I have seen as much disease damage on turf this summer as any year since I began living and working in New Jersey (1991).
The hot humid weather has been ideal for summer patch and brown patch diseases.
I have observed more damage from summer patch disease on hard fescue turf than Kentucky bluegrass this year. This is likely due to the fact that more people are growing varieties of Kentucky bluegrass with better tolerance to this disease than was the case 20 or more years ago.
The Rutgers turfgrass breeding program is working on improving the tolerance of hard fescue to summer patch disease.
There are some cultural techniques that can reduce the severity of summer patch disease including:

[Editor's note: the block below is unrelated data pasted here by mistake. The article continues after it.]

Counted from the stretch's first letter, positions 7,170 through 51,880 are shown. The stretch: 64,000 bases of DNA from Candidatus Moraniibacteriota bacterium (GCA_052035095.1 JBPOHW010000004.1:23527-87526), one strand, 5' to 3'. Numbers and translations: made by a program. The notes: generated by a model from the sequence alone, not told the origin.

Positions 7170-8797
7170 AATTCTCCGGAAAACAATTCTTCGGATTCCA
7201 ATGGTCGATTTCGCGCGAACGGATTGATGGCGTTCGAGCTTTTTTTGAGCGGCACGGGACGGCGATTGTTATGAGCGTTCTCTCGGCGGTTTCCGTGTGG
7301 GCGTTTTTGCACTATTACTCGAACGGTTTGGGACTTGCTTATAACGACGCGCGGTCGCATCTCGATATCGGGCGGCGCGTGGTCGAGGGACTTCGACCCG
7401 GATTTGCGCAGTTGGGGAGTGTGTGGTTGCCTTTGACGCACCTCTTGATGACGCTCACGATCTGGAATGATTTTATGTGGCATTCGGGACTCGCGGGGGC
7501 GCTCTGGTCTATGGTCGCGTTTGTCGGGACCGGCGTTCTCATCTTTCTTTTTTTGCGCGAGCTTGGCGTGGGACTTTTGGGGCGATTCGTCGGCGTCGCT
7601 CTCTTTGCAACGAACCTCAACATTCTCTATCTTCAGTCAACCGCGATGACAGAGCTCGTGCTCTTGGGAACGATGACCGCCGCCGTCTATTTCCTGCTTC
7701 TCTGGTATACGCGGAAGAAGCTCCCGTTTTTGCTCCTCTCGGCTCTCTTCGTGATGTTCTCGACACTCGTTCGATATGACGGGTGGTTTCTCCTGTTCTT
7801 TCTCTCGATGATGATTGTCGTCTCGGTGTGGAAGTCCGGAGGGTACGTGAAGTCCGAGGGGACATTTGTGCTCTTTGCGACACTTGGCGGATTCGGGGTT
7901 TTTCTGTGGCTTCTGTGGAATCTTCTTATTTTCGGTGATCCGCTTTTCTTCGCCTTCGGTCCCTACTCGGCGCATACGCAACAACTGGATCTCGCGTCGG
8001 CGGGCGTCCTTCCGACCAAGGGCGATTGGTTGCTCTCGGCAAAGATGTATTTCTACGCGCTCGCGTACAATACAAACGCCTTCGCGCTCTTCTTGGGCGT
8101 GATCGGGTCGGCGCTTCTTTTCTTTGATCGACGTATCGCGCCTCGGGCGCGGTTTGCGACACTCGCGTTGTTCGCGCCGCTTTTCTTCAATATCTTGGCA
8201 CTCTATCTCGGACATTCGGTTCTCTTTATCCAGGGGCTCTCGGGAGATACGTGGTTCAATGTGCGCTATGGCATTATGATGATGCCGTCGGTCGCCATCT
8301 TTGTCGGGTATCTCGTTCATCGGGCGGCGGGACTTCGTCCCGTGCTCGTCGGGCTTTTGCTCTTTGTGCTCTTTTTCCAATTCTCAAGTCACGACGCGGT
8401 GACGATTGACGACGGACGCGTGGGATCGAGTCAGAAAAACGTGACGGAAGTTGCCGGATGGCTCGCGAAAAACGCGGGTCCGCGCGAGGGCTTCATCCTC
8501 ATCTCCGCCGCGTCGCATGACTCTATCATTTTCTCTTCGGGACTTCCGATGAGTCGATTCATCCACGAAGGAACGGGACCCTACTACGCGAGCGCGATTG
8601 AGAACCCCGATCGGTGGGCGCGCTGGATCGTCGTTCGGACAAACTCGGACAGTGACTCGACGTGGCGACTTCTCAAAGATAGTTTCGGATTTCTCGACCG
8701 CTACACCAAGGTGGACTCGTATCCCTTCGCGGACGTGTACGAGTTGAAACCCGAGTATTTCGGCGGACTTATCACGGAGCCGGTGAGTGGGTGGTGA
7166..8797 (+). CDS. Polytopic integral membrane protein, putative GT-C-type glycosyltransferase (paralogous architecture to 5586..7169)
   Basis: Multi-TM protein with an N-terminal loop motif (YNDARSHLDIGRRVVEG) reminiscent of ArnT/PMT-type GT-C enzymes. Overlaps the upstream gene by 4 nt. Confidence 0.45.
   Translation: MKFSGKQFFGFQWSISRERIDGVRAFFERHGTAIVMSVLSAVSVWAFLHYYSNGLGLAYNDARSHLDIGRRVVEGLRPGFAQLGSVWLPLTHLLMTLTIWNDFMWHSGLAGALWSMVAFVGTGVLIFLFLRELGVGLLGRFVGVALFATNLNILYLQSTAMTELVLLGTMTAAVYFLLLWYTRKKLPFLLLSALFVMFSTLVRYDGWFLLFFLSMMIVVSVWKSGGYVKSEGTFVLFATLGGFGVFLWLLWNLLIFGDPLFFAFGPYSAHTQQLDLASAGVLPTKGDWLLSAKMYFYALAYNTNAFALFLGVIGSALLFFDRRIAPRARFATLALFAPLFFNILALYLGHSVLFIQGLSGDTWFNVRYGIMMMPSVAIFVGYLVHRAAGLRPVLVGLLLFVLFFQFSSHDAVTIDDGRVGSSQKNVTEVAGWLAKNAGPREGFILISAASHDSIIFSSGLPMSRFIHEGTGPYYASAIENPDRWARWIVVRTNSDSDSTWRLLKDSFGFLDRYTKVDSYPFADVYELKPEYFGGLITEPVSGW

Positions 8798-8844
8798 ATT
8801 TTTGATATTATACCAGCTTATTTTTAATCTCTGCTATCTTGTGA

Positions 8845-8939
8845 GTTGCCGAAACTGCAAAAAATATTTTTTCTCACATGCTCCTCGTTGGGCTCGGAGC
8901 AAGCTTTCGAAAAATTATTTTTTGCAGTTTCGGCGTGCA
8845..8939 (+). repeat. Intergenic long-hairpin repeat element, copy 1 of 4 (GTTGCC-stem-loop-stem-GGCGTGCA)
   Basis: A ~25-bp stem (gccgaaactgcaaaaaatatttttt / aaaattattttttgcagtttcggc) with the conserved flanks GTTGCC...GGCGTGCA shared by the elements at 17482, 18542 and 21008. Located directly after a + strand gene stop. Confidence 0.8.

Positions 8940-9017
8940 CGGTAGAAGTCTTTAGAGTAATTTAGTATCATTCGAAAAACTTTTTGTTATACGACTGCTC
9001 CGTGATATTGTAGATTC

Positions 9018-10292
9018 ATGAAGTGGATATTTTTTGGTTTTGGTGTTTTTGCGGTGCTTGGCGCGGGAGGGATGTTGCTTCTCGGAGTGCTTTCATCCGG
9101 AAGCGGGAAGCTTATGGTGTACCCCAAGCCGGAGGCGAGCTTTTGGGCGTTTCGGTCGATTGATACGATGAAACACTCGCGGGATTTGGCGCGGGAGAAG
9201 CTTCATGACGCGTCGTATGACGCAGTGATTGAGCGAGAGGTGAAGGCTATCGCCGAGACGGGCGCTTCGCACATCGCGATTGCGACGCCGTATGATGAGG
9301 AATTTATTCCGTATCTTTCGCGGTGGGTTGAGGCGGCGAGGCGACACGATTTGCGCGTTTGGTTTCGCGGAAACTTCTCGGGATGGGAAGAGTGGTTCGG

- Fertilize at no more than 1 lbs. of N per 1,000 sq. ft. per application and 2 lbs. annually)
- Use an acidifying N source (for example, ammonium sulfate)
- Reduce soil compaction (aerify)
- Maintain a slightly acidic soil pH (around 6.0); do NOT lime until pH reaches mid to low 5’s and do NOT attempt to increase the soil pH much above 6.0
- Use seed mixtures (rather than blends) that include tolerant species when seeding hard fescue or Kentucky bluegrass as a major component of the turf. Hard fescue and Kentucky bluegrass (depends on the variety) are sensitive to summer patch.
- Seed with tolerant species which includes tall fescues, perennial ryegrass, and Chewings fescue. Chewings fescue can be damaged by summer patch disease but it is more tolerant than hard fescue as you can see in the image below.
The URLs below will open PowerPoints on summer patch disease prepared by Dr. Bruce Clarke.